This protocol is being taught in Switzerland hygiene programs and dental schools, which is where Ms. Bush has been teaching and working for 35 years.  Their aim is to preserve teeth with severe periodontal disease- we're talkin' pockets that measure 10+ millimeters- teeth that are being treated by a Periodontist in the States are the teeth being treated in general dental practices in Switzerland.  This is a proven and effective protocol there! 
Learning about this, discussing this, and debating it broadened our minds on effective treatments.  Seeing, working with, and talking to dental professionals in other countries was an incredible way to open our minds, reminding us that not everything starts and stops with only what works in America.  
However.... I think I'll still let the Periodontists treat my patients with these kinds of conditions.  But that's just me.

Ms. Bernita Bush, RDH, is an American dental hygienist who has lived and worked in Switzerland for 35 years. She speaks fluent German.

Isn't that all so interesting?!  But I promise our entire weekend wasn't spent only sitting in lectures.  In between lectures there was lots of talking, snacking, laughing, and wine drinking.  Meals were included in the price of the conference so we ate dinner in the wine cellar of the castle one night, the castle dining room another night, and lunch out on the patio overlooking the city.  Conversations never stopped and it felt like I had known these people for years!  It doesn't matter who you are or where you're from, if you come across another American when traveling you're instant friends!  And that's what this weekend was... meeting friends, discussing our careers, and comparing travel adventures...with wine and gorgeous scenery, it just doesn't get any better!

We left the conference with 17 credit hours and new friendships!  But so much more important than that, we left with a wider and deeper perspective of worldwide oral health care and protocols.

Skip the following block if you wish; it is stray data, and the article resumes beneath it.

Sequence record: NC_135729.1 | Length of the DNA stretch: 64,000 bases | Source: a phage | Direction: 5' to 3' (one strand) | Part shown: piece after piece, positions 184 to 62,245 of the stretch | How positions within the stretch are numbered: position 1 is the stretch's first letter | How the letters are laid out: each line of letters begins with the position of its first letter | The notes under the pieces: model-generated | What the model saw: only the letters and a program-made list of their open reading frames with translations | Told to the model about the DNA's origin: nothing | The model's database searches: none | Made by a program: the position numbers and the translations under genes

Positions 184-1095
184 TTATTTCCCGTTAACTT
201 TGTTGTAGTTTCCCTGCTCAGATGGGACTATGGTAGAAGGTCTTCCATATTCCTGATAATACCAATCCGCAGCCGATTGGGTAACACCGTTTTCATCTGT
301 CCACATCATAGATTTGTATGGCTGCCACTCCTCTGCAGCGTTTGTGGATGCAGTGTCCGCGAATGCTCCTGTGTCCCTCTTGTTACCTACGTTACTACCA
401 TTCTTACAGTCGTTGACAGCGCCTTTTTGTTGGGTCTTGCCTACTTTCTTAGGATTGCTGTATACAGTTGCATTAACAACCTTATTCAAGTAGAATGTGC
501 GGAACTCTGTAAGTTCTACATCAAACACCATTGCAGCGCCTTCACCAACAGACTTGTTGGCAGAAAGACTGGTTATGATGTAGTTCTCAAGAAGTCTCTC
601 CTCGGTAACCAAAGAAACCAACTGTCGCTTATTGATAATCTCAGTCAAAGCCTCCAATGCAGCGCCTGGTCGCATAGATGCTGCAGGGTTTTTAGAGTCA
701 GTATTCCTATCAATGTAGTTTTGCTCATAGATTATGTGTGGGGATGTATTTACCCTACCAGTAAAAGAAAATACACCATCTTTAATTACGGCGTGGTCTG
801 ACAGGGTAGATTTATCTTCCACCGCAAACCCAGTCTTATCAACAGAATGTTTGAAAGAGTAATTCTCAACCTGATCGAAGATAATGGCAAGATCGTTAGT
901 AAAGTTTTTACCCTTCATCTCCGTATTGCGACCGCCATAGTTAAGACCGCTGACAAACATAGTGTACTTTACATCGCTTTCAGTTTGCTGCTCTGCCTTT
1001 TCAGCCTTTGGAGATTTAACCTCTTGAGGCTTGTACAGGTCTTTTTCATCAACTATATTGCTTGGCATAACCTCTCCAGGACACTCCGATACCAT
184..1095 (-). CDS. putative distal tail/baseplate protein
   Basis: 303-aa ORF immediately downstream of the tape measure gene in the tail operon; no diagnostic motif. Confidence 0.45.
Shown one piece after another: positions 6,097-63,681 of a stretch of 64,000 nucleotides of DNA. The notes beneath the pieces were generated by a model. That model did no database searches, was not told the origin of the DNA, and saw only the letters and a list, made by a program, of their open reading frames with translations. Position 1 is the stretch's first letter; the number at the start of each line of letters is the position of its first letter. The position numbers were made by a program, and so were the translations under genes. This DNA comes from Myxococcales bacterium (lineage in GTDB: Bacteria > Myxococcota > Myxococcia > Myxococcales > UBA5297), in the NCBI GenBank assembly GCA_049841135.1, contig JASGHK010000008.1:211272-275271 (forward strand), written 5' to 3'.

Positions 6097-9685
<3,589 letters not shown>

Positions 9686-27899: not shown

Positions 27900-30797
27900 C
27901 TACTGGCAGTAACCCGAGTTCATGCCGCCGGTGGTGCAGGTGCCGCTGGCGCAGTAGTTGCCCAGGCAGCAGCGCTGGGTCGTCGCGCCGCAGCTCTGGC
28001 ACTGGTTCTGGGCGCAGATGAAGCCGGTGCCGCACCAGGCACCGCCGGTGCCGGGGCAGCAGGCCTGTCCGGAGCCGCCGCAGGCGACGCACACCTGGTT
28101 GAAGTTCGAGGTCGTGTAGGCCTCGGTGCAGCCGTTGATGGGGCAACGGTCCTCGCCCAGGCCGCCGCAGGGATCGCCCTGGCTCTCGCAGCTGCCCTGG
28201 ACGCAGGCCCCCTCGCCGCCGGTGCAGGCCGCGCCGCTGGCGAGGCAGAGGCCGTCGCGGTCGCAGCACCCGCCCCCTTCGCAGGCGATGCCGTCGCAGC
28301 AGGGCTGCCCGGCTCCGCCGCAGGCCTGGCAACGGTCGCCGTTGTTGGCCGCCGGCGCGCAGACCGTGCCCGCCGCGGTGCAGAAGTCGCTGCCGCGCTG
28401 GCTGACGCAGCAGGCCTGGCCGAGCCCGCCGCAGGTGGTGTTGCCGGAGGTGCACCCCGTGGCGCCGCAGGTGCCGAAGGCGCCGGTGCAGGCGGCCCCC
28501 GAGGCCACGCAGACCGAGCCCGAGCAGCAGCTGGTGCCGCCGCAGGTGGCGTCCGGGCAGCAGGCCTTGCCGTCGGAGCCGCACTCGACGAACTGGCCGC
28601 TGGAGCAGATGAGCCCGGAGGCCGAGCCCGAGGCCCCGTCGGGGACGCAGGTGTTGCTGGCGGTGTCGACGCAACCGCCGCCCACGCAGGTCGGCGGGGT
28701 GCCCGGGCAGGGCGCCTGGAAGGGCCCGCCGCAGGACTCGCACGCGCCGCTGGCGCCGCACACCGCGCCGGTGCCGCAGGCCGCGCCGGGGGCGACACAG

I've been happy not working for the past year, but I'd be lying to you if I said I didn't miss it.  Eric and I have been focusing on and coming to terms with the end of our fertility, and have had to grieve the children we had hoped to but will never have- not working has allowed me to do that in peace.  But, being at the EARDH cleared the cobwebs that had started to form in the back parts of my brain, it brought out all of the geeky science stuff that I just love!  You may be able to take the girl out of the hygiene operatory, but you can't take the love of hygiene out of the girl!  My brain soaked up every bit the conference gave me and I am already looking forward to next year!

Oh!  I want to say 'Happy {belated} Mother's Day' to ALL mom's out there!  Fur-mommies, loss-mommies, and all the mom's in between.  I know how difficult Mother's Day can be when you're holding your baby in your heart rather than you arms, please know my thoughts were with you all on Sunday  You are a warrior mommy, and I hope you were treated as the most special mom you are!
My Mother's Day started with breakfast in bed with the menu decided by my daughter, roses, and mimosas.  Eric pretty much waited on me hand & foot, mostly because he's amazing that way, but also because I was tired from the weekend and when I'm tired I tend to get whiny, Isabelle was extra cuddly, and I swear I felt my son around me all day.   

"Where your pleasure is there is your treasure: where your treasure there is your heart; where your heart, there is your happiness."   ~Saint Augustine